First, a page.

The story of The Royale takes place at “some point between 1905 and 1910”, according to the program. It’s a tale inspired by the real-life story of boxer Jack Johnson, who became the first black World Heavyweight Champion. It’s a story that’s been told before on stage and on screen in the form of Howard Sackler’s The Great White Hope. Here, though, the format is different and much more stylized. The lead character here is called Jay “The Sport” Jefferson (Akron Lanier Watson), and the story follows him as he engages in a series of matches with other black fighters across the country, although his real aim is for a chance at the world Heavyweight title, held by the retired (and unseen) white boxer Bernard Bixby. As Jay wrangles with his promoter Max (Lance Baker) and befriends a talented opponent, Fish (Bernard Gilbert)–who becomes Jay’s sparring partner–the potential of a match with Bixby looms, along with all the implications of such a fight, especially if Jay wins. The impact of the match on the highly segregated society of the time is shown especially in the form of Jay’s relationship with his sister Nina (Bria Walker), who is proud of her brother but has serious reservations about the title fight. The story is told in a unique format, with the boxing matches often staged side-by-side instead of head-to-head, and with carefully staged movement and use of rhythmic body percussion choreographed by Stephanie Paul.  It’s an inventive construction that helps to keep the story moving with a great deal of dynamic energy.

This play depends a lot on its cast, and that’s its biggest strength. Watson brings a real sense of charisma and presence that is essential for the dynamic, iconoclastic Jay. His boasting and bravado, as well as his athletic prowess, are on clear display, and when the situation gets more challenging, his sense of conflict is clear. His scenes with Walker’s determined Nina are a highlight of the show, as are his scenes with the excellent Gilbert as the determined, ambitious Fish. There are also strong performances from Baker as Max and by Samuel Ray Gates as Jay’s trainer and friend, Wynton.  Maalik Shakoor and Jarris Williams round out the excellent ensemble of this well-choreographed, briskly staged play.

The more contemporary structure of the play actually works well in portraying the spirit and tone of the early 20th Century setting of the play. There’s also an excellent set by Brian Sidney Bembridge that basically puts the audience in the ring with the fighters, as well as strong atmospheric lighting also by Bembridge. Christine Pascual’s costumes are richly detailed and appropriate for the time and characters, from the boxing attire to Jay’s and Max’s stylish suits and Nina’s dress and hat. The only real misstep in terms of period accuracy is an odd anachronism I’m surprised hasn’t been caught already, in terms of radio. The characters keep talking about listening to events on the radio, when commercial broadcast radio didn’t exist until the 1920’s. Otherwise, the time, place and spirit of the production are well maintained, and the sense of drama is well-built in the structure, and especially in the thrilling climactic bout.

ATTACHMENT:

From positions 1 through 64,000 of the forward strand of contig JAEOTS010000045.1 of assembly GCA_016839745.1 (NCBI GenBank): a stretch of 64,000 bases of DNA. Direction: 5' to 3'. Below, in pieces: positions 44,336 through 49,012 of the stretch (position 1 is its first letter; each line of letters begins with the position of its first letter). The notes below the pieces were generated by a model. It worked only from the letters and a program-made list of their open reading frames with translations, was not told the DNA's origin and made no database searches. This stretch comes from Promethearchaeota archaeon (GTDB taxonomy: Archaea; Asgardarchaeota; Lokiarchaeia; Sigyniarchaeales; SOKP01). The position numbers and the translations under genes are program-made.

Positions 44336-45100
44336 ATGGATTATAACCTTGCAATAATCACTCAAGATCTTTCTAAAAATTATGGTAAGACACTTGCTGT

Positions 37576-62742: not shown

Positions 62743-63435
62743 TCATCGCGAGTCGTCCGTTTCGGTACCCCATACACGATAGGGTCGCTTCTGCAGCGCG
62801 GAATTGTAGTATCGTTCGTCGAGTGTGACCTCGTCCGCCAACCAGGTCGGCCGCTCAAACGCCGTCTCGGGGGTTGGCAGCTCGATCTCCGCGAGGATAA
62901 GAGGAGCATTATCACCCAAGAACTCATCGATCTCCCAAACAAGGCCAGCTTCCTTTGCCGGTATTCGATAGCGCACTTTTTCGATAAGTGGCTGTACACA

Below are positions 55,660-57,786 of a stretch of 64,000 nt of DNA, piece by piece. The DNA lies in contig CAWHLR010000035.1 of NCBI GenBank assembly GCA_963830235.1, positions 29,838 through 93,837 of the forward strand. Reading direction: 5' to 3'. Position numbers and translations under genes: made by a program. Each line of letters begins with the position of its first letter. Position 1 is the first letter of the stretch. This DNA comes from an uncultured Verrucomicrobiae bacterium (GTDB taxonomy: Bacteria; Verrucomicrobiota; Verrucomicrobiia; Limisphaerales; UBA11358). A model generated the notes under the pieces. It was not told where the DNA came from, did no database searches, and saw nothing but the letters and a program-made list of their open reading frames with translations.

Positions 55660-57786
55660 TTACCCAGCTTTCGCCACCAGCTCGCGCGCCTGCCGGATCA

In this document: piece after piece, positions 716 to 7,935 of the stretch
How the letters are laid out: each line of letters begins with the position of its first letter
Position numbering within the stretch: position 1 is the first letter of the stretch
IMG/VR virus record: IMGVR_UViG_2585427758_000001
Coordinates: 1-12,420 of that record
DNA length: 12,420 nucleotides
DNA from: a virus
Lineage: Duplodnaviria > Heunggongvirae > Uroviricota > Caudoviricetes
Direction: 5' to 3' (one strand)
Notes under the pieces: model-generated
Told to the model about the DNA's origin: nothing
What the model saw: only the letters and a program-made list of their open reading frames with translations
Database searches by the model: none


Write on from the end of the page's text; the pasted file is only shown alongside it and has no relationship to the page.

The Royale is a memorable production, and a fascinatingly inventive theatrical event. Theatre is a good venue for a sport like boxing, that can be theatrical in itself. Boxing also works as a fitting allegory for the struggle that Jay, his sister, and their contemporaries endured every day in a highly segregated and often brutal society. It’s a show with a message that still resonates now, because although times have changed,  events in the news show us that there’s still a lot of change needed. This is a strong production from the Rep Studio, closing out a first-rate season.

Akron Lanier Watson, Bria Walker
Photo by Jon Gitchoff
Repertory Theatre of St. Louis

The Repertory Theatre of St. Louis is presenting The Royale in its Studio Theatre until March 26, 2017.

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Fat
by Shannon Geier
Directed by Andrea Standby
because why not? theatre company
March 4, 2017

Alicen Moser, Talessha Caturah
Photo by Adam Shaw
because why not? theatre company

There’s a new theatre company putting on an original show at The Chapel. The company is called because why not? theatre company and the show is called Fat, written by the company’s Artistic Director, Shannon Geier. This play covers a subject that many in the audience, including myself, will have personal experience with–the subject of weight issues and what it means to live a life as an overweight person, as well as the general subjects of weight, body image, and society’s relationship with food. It’s a challenging subject because there are so many different opinions, but for the most part, Fat deals with its subject well, using a combination of light humor, sharp sarcasm, and poignant drama, with a strong cast and energetic direction.

The show talks about weight issues from a personal standpoint as well as a general one. Amid some funny, satirical presentations of commercials, news broadcasts, and testimonials depicting society’s view of obesity and overweight people, Fat tells the story of Amy (Taleesha Caturah), an intelligent professional woman who has her own struggles with weight, food and dieting and this personal struggle affects her family and friends, especially her husband Joel (Jeff Kargus), and daughter Tara (Alicen Moser).  Amy has a group of friends that she regularly joins for “Girls’ Nights”, in which they all share their own thoughts and struggles with weight issues of their own. There are a variety of characters and approaches, from the confrontational Vanessa (Patricia Duffin), to the unlucky-in-love Diana (Rhonda Cropp), to the ever-planning Kelly (Laura Singleton), to the self-conscious Marlene (Helen Pancella).  The story follows Amy’s journey navigating the often hostile world of fat-shaming and guilt-tripping, as well conflicting methods of motivation and encouragement. We also see in devastating detail the effects Amy’s struggles and society’s opinions have on her daughter Tara, who becomes the main focus of the play’s second act.